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How to Choose the Best Tinned Fish

Like all seafood, not all tinned or canned fish are created equal. “A lot of people’s first exposure to tinned fish is that of low and mediocre quality,” says Bart. “And for a long time in the States that was mostly what was available. It can be stinky and weird. Low-quality tinned fish lack the variety of species and flavor that are actually available. The flavors of high-quality tinned fish can be incredibly delicate and refined.”

When it comes to tinned fish price is an indicator of quality, says Jarr. When buying tinned fish, he recommends staying away from the $2- or $4-dollar tin and looking at the ingredient list. “In general, you will get a certain flavor profile for fish packed in oil rather than water, and whether they are packed in vegetable oil or olive oil. It comes down to personal preference.” (Opt for olive oil for an additional boost of heart-healthy fats. Go for fish packed in water if you’re worried about calories—although a little good fat is beneficial.)

Also, ask around: Find someone who is knowledgeable and that you trust. It could be the owner of your local specialty store or fishmonger. When it comes to seafood, going off the information provided on the package may not be enough.

Lastly, as with buying any fish, find out where the fish is from. “Sustainability is incredibly important to us and I think it should be for everyone,” says Bart. “But at the very least you should know where your food is coming from because it’s something you’re putting into your body.”

With that in mind, start with one (or all) of these highly recommended tinned fish brands:

  • Matiz (Spain) – A great entry-level, everyday brand.
  • La Brujula (Spain) – One step up from Matiz, Bart recommends the octopus, sea urchin (“uni”), and white tuna belly.
  • Jose Gourmet (Portugal) – Try the smoked sardines, mackerel, and calamari in ragout.
  • Ortiz (Spain) – Specializes in tuna, anchovies, and mackerel.
  • Ramon Pena (Spain) – “It’s incredible,” says Jarr of this premium tinned fish. “When you open the can, it’s a work of art.”
  • Don Bocarte (Spain) – Jarr recommends the anchovies.

As for where to buy tinned fish: You can purchase online from Wixter Market—it carries the Jose Gourmet and La Brujula brands. Also, check with your local specialty food store. And if you find yourself in the Pacific Northwest, Little Fish will open later this year and will include a restaurant and market.

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Serving Tinned Fish: Keep it Simple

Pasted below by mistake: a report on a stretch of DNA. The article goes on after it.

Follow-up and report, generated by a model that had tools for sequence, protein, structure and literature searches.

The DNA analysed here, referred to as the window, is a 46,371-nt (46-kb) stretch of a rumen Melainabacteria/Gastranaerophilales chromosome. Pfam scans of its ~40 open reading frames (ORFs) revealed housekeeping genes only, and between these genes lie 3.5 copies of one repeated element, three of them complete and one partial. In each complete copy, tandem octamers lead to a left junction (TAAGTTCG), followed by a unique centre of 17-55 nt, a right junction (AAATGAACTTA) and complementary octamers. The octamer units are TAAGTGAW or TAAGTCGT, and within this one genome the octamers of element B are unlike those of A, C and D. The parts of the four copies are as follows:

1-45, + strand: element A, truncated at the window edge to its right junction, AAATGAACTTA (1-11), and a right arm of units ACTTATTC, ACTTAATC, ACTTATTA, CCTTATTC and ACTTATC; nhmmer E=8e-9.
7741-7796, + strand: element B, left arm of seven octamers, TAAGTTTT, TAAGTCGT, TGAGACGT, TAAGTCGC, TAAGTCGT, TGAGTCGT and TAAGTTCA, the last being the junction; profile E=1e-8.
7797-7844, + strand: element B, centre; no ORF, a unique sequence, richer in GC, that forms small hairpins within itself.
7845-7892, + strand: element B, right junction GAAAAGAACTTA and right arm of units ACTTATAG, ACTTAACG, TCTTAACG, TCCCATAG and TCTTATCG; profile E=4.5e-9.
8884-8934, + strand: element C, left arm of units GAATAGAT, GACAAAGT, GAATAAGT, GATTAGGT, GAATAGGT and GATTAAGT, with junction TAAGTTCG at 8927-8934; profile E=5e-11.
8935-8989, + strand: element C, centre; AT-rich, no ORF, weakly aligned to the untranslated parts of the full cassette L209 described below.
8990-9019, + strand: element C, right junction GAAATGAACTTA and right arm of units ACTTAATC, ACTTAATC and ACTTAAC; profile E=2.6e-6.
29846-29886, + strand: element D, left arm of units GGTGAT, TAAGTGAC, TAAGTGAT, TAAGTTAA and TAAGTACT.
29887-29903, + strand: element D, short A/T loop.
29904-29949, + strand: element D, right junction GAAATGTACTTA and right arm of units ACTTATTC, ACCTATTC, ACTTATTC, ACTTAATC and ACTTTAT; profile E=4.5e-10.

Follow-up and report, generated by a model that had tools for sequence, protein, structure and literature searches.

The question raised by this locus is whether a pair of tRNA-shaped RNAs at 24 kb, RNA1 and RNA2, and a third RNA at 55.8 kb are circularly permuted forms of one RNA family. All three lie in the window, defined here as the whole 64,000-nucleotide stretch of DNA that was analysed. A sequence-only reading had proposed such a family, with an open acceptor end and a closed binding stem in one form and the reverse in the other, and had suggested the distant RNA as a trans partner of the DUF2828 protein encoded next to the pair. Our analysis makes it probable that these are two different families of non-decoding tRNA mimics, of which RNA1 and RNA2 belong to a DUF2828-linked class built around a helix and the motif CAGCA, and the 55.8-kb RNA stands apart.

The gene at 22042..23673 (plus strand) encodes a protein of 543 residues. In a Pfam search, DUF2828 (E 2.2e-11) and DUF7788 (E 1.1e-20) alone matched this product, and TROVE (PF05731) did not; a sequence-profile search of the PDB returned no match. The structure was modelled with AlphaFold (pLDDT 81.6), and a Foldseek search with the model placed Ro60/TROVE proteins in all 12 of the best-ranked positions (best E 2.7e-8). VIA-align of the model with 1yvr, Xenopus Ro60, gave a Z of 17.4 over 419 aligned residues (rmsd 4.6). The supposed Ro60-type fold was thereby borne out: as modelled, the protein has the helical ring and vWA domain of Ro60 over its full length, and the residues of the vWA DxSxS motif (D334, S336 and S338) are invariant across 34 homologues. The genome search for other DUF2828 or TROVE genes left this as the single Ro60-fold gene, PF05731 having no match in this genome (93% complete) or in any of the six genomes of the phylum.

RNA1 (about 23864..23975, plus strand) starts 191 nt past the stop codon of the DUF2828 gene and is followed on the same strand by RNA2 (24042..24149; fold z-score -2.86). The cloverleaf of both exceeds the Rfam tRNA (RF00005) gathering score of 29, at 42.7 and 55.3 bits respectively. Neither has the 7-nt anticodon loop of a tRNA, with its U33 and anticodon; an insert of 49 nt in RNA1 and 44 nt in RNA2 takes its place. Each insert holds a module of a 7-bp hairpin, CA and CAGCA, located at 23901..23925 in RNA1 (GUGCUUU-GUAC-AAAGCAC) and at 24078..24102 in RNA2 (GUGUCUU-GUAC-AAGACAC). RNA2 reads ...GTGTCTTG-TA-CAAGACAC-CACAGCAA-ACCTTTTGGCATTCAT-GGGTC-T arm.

Both Jarr and Bart recommended keeping it simple when eating or serving tinned fish. At JarrBar, the tins are served on a wooden platter with some sea salt and ground Spanish red pepper. Customers can choose a sauce (or sauces) from a short list including salsa verde, harissa, and romesco, and either bread or crackers. I’ve done a version of this at home—it’s so satisfying and so easy.

But that is just the beginning. The thing about tinned fish is that they are incredibly versatile and are a sure way to create or round out a simple meal.

Kyle’s tips for ways to eat tinned fish:

  • Eat them straight of the can. (Some varieties are better than others for this.)
  • You can never go wrong with a crusty baguette and the tin of fish. Maybe add some pickles, fresh herbs or olives. And don’t forget a sprinkle of sea salt.
  • Sea urchin roe is delicious but very intense. You can eat it out of the can or make a uni butter with it: just mix softened butter with the roe. Spread it on a nice piece of toasted bread, melted over grilled spring vegetables (such as ramps or radishes), over any type of fish (especially shellfish), or as a sauce for pasta.
  • “The uni is my favorite, but because of the price point and richness, it’s not the tinned fish that I consume the most of. So, my absolute favorite is the squid and ink. I’ll have it over rice or a baguette, depending on what I have around.”

Bryan’s tips for ways to eat tinned fish:

  • For an easy meal, take a tin of sardines or mackerel, drain it, and put the fish on half an avocado. Spring with salt, pepper, and some chile flakes.
  • Make a quick pasta out of tuna, mackerel, cockles, or clams. Take your cooked noodles and oil (or brine) that was in the tin of fish and heat it up in a pan. Sprinkle with chile flakes, salt, pepper and some mint and top with the fish.

Your next step? Get a can or two of tinned fish, a baguette, and some Maldon sea salt. Grab a friend and a bottle of Spanish or Portuguese wine. Pop open the can(s) of fish and enjoy. It really is that easy, and it will be that delicious.